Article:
Editorial: Ban encampments near schools? Another L.A. restriction that doesn’t help fix homelessness
Last week the Los Angeles City Council substantially increased the amount of public space that will be off-limits to homeless encampments when it passed an ordinance barring people from setting up tents within 500 feet of all schools — public and private — as well as day-care centers.
Under pressure from the superintendent of the Los Angeles Unified School District, the council voted 11 to 3 to expand the city’s prohibition on camping to public spaces around schools. How many schools and day-care centers will be included and how the prohibition will be enforced is unclear.
Whatever the impact of those encampments may be, enforcing a ban on setting up tents near schools does nothing to alleviate the bigger, always looming problem of homelessness.
It’s great to be able to house an entire homeless encampment. But it should be done for reasons of public access and safety, not to placate whichever neighborhood complains the loudest.
And this is hardly the time to displace more people. For years, the city has failed to create enough permanent housing to make a dent in its homeless population, which by a 2020 count was about 41,000 people. Nor is there enough temporary housing, despite increases in the number of bridge shelters, motel and hotel rooms and villages of tiny homes. The majority of the city’s homeless population sleep outside on any given night.
Plus, the city is expecting to lose more than 1,000 hotel rooms that were set aside for vulnerable homeless people through a program called Project Roomkey. The city rented hotels and motels that were otherwise vacant as the COVID-19 pandemic raged, but now hotels are exiting the program. City officials are scrambling to find other housing for people who must leave those hotels. One hotel recently ended its participation in the program. Another three are slated to end their participation this month or next, but city officials are now working to keep them in the program until the end of October.
Even when there is funding for housing, the city is failing to ensure homeless people can find apartments. Los Angeles received more than 3,300 federal emergency housing vouchers last year, but the great majority of the voucher holders had yet to find a place to live as of last month, according to an L.A. Times report. Other California cities have had far higher rates of success housing people with the vouchers, although Los Angeles is a hugely competitive, under-supplied rental market.
The city’s settlement with the L.A. Alliance for Human Rights leaves the most vulnerable homeless people on the street. That’s absurd.
When the council decided a year ago to begin enforcing anti-camping restrictions, it agreed to do targeted enforcement. First, a council member had to submit locations for approval by the council. Then, as part of a street engagement strategy, outreach teams had to be dispatched to those locations and offer people shelter. Finally, signs had to be posted announcing that camping was prohibited as of a certain date. Over the past year, the council designated 225 sites with a camping prohibition. Of those, 28 are near schools and five are near day-care centers.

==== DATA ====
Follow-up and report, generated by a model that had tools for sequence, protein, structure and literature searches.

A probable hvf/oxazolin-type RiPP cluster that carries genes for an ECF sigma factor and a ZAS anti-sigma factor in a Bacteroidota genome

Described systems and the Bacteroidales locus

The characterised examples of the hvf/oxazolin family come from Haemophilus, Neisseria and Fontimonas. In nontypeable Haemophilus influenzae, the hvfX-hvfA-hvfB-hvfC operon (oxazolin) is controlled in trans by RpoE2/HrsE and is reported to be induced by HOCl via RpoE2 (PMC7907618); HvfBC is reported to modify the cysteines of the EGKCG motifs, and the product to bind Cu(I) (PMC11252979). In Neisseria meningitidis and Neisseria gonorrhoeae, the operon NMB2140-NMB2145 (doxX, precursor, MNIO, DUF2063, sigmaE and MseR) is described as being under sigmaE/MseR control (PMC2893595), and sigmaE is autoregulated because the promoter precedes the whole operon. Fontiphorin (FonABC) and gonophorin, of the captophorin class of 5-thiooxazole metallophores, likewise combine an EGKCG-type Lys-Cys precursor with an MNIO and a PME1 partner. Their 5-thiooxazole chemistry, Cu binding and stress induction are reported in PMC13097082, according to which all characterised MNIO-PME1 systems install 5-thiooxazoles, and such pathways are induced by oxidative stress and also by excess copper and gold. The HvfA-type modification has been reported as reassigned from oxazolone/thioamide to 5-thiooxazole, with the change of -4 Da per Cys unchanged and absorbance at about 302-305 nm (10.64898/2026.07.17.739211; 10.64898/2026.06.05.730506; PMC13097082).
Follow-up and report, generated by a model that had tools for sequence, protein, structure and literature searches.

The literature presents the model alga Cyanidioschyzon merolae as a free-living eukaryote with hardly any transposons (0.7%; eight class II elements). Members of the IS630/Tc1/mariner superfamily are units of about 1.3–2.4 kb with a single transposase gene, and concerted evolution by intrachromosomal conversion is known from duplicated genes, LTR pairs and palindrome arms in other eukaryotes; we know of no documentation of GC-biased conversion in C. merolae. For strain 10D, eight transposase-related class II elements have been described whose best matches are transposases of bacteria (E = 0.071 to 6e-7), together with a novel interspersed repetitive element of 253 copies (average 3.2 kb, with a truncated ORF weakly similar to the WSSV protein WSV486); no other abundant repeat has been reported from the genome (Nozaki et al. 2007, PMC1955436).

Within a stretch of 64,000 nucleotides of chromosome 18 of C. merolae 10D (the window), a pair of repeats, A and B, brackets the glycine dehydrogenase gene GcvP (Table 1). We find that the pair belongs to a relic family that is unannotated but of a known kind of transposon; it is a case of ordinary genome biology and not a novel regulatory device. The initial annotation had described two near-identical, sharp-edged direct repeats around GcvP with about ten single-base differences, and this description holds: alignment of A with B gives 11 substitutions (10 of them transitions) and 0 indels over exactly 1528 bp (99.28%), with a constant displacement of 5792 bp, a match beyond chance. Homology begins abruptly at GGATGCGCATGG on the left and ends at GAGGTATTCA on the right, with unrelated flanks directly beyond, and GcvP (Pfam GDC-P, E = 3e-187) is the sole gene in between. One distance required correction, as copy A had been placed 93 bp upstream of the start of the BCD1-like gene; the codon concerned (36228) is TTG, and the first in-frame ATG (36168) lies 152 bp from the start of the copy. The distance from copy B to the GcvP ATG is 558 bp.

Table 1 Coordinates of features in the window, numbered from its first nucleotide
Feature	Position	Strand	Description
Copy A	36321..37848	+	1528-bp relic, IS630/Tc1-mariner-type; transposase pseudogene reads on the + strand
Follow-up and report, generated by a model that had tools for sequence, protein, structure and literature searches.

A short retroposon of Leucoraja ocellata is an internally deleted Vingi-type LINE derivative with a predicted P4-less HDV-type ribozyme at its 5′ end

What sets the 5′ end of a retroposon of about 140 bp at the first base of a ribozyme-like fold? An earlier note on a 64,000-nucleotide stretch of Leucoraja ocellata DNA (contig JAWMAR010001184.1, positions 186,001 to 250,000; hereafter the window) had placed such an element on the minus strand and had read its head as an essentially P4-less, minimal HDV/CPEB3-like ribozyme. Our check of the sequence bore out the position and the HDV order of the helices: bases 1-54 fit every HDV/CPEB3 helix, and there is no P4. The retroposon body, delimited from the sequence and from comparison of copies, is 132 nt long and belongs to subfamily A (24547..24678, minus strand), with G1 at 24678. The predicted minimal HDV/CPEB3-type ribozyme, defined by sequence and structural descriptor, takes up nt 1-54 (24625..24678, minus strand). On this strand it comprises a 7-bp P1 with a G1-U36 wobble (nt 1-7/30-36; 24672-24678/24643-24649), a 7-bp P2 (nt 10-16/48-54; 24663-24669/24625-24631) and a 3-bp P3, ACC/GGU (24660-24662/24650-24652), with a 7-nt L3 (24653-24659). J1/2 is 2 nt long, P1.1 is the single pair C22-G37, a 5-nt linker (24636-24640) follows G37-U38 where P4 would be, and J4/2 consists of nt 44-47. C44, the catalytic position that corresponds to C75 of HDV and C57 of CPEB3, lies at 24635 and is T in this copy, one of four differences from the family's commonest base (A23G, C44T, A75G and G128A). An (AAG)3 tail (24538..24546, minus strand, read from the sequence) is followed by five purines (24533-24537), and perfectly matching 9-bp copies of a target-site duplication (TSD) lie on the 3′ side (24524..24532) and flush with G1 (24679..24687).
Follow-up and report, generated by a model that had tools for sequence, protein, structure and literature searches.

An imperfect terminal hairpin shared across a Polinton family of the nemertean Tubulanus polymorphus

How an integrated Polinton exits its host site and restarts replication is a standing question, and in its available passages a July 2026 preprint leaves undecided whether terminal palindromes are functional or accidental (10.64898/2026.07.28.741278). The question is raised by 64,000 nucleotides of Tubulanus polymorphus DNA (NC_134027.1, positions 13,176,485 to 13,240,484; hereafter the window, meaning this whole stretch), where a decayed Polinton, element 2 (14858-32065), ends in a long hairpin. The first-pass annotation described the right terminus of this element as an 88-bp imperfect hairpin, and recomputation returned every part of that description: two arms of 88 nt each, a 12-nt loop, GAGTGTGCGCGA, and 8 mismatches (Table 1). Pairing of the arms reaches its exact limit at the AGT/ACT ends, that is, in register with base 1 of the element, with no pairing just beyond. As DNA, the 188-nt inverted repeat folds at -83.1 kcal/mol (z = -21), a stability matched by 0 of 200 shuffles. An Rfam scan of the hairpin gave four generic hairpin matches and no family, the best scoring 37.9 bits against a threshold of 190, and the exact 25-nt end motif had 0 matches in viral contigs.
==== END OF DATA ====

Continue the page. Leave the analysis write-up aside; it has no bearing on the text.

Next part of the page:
But the policy hasn’t worked as promised; there hasn’t been enough interim housing and there aren’t enough outreach workers to do the engagement, city officials and service providers have said. And the ban on camping is not being enforced consistently.
Now, the city is choosing to wield the anti-camping ordinance like a blunt instrument. The prohibition passed last week requires no street engagement or time frame for beginning enforcement. It doesn’t even require posting of signs indicating where the 500-foot-ban around schools begins.
This is a huge expansion of anti-camping bans without a commensurate expansion of services and housing. There are 750 L.A. Unified schools within the city of L.A. (About 120 have had encampments near them in the last year, according to school officials.) But that doesn’t take into account the number of private schools and day-care centers. Councilman Mike Bonin, who voted against the ban along with Councilmembers Nithya Raman and Marqueece Harris-Dawson, predicted the changes would result in a roughly tenfold increase in the number of outlawed sites, going from more than 200 to about 2,000. Accountant Kenneth Mejia, a candidate for city controller and critic of the camping restrictions, mapped the roughly 1,900 public and private schools and day-care centers in commercial areas and estimated this ban would make 20% of the city’s sidewalks off-limits to camping.
Even an aide to a council member who voted for the amendment admits this is only about restricting camping and not about fixing homelessness. “The intended purpose is to keep the area around the schools clear,” he told an editorial writer. “The best we are going to be able to do is say, ‘Hey, move down the block, just don’t camp in front of the school.’”
The City Council may think it’s responding to constituents’ anger at having to walk past people camped on sidewalks, but the new restrictions only fool people into thinking something is being done about homelessness. This restriction won’t make a dent in homelessness and it probably won’t even reduce the appearance of encampments. It will simply shift them down the block from a school — and it might not even do that. Another anti-camping restriction wastes time and city resources and solves nothing.
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